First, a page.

Davis has decided to focus on the things she can control. That includes providing help to students whose families don’t speak English. 

“I have a(Swahili-speaking) student who was having issues enrolling in seventh grade,” she said. Sheridan Road serves students from fourth to sixth grade only. “I reached out to our two (English-language learner) teachers to help walk him through the steps. Sometimes it’s hard to reach out to families because they don’t have translators. We are lucky to have translators.”

A tough time for teachers 

Working remotely has required changing how Peters teaches math to students.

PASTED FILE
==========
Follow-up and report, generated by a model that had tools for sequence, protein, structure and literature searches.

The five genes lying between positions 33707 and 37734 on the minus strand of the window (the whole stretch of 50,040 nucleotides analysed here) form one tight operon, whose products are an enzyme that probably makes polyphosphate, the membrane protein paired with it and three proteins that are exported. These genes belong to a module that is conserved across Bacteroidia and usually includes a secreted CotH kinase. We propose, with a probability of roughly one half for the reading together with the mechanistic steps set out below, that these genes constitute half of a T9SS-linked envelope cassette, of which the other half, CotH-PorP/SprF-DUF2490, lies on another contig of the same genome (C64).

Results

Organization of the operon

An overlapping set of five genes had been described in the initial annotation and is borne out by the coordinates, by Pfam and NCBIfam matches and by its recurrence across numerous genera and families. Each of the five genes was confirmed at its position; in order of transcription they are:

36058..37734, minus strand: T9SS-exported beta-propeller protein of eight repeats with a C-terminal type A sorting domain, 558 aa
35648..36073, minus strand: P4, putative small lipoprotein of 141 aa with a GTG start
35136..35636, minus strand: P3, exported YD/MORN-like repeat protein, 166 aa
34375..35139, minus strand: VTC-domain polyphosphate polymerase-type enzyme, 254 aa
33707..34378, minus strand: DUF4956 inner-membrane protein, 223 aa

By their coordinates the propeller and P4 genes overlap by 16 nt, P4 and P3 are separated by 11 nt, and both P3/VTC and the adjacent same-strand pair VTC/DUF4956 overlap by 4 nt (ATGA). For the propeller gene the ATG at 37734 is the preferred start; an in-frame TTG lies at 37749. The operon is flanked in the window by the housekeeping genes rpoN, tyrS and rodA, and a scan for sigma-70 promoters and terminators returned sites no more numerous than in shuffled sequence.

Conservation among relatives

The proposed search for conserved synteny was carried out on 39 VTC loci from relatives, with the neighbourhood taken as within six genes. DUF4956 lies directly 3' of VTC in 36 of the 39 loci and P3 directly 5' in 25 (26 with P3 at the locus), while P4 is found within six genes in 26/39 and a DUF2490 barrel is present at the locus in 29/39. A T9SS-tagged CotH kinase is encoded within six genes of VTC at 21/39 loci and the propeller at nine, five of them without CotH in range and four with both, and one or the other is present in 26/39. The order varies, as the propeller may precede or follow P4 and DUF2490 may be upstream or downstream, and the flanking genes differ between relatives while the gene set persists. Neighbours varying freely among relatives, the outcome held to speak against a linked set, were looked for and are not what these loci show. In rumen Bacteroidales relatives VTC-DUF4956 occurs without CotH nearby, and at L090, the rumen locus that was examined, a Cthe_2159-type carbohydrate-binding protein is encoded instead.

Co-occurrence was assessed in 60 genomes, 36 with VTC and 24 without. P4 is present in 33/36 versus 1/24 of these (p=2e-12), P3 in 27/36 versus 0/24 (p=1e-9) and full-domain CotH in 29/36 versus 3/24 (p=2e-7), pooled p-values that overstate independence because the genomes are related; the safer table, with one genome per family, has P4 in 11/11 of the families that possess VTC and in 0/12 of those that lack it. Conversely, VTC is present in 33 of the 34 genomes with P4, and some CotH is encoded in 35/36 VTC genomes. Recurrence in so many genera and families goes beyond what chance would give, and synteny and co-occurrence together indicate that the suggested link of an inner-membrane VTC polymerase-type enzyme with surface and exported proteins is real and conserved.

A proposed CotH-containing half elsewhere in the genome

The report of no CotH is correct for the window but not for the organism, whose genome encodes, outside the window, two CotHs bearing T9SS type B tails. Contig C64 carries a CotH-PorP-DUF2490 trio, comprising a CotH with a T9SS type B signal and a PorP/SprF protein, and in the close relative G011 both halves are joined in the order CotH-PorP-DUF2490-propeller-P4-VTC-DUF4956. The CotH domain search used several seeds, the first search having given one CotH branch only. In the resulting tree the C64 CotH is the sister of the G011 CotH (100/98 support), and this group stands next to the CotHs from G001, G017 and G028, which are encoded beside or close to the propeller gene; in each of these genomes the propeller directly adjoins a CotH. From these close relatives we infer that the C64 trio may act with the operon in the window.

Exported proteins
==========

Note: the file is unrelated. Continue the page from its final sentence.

Many of them are visual learners, so she uses Microsoft Whiteboard and Show Me on her iPad and an Apple pencil to demonstrate math problems during video conferences. 

“When a student is lost, I’m able to see it on their facial expressions,” Peters said. “Since I can’t always see their faces, I don’t know when they are confused. I’m rethinking all the physical cues I’m used to and am having to navigate teaching without them.”

As teachers work from home, they’re doing it without the usual in-person support from their fellow teachers.

“This time for teachers is hard,” Davis said. “We are used to being around each other and talking about hardships in teaching. We are trying to help students learn, but we don’t have each other to connect with as well.”

Detroit Free Press and Associated Press contributed to this report. Contact LSJ reporter Kristan Obeng at KObeng@lsj.com or 517-267-1344. Follow her on Twitter @KrissyObeng.